Managing all types of projects, incl. software development, can be handled in various ways. There are plenty of methods and theory out there to dig into, to hopefully find the best possible solution for your project. The best one is very much a matter of the nature of your project, as well as you and your team's subjective opinion and thoughts going into the workflow.
Below, we've gathered some of the most popular methods designed solely for software projects. If you're more interested in universal project management methods, we have a similar article on those here.
Extreme Programming is a software development methodology, which is intended to improve quality and responsiveness to changing requirements. XP is continuously running in a planning / feedback loop to ensure the most value is delivered.
XP encourages a set of five values; communication, simplicity, feedback, courage and respect. Communicate the progress to everybody, keep the builds simple to ease maintenance and support down the line, run continuous feedback sessions on the completed work, having the courage to act on things that ruffle your mind and accept and adapt to feedback from others, and last but not least respect everyone on the team, their opinion and work together to find the best possible solutions.
As you can see from the illustration below, the method advocates short development cycles for frequent releases of your software. This is in link with increased productivity and possible frequent changes of requirements, while limiting potential issues to a minimum by releasing in manageable chunks.
The Extreme Programming process
Dynamic Systems Development Method is another software development method with a special focus on limiting budgets, hitting deadlines, and increased user involvement and top-management commitment.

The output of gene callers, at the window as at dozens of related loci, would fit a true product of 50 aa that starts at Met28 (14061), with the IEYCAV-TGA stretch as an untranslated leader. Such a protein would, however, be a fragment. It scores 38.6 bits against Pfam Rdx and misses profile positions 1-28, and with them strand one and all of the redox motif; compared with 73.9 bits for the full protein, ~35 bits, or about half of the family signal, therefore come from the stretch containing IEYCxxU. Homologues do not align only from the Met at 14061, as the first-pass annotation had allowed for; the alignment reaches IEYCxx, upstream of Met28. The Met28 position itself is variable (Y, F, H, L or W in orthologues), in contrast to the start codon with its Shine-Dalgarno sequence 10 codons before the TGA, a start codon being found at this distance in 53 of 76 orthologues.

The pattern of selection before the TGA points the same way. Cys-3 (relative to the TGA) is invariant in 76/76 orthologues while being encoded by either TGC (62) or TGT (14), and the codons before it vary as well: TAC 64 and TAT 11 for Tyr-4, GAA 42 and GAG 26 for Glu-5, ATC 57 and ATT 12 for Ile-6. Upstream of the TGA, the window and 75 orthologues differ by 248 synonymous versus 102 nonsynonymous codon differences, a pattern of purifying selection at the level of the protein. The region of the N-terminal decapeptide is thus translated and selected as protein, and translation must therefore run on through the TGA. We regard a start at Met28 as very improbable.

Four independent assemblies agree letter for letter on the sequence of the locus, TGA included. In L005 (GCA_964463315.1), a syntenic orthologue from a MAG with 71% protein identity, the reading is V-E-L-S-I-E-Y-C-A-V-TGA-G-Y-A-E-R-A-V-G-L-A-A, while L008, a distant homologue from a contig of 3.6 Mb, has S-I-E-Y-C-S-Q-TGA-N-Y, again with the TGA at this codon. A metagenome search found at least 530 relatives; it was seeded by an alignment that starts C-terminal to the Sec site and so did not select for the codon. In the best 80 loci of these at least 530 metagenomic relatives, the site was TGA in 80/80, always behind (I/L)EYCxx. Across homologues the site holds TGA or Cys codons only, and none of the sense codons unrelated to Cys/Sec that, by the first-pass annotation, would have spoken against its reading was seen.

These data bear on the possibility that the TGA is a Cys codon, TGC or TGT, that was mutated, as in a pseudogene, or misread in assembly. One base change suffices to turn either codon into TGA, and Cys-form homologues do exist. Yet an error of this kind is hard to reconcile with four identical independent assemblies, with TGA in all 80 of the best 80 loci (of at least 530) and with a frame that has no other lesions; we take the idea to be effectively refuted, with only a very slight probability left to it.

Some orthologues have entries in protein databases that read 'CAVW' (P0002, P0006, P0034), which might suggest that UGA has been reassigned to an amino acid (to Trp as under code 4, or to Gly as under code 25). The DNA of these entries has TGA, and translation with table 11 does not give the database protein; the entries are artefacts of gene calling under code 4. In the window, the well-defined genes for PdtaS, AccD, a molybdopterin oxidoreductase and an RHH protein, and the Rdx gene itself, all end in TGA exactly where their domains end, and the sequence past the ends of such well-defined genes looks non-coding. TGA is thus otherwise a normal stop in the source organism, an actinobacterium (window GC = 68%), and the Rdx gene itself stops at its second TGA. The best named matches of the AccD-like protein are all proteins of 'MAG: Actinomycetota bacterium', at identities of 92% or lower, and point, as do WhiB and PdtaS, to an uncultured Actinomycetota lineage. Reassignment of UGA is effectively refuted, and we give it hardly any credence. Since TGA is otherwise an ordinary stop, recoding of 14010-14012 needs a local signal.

DSDM moves through three main phases; the pre-project phase, the project life-cycle phase, and the post-project phase. Additionally, a life-cycle phase is subdivided into five phases; feasibility study, business study, functional model iteration, design and build iteration, and implementation.
The DSDM process
Adaptive Project Framework is specifically constructed for software development. The problem it was made to solve is the constant change of requirements when dealing with software and clients at the same time.
The key component of the APF process is to split work into several cycles. These cycles are prioritized based on the work breakdown defined in cooperation with the client itself. This ensures that you always take on the most important tasks, and manage to build the cycles which are of highest value to the customer and end-user.
The APF process moves through 5 phases. The process begins with the definition of scope, where you in cooperation with the client define the Project Overview Statement, you prioritize the work and requirements to match what brings most value to your client, which finally leads to the Work Breakdown Statement, i.e. cycles to build.
Next step is your first cycle. Cycles are the chunks of work you're planning to do. First up is to plan the upcoming cycle. Which tasks need to get done? Third step, you begin the actual work. Schedule the cycle, assign people to tasks, and ensure everything will be delivered on time. Build the cycle, and continuously monitor and adjust the build.
Just before ending the current cycle you reach the Client Checkpoint. The point of this step is to ensure a sufficient quality of build before the cycle is delivered to the client. This step also highly encourages you to include the client in testing of the finished work to ensure proper value has been delivered.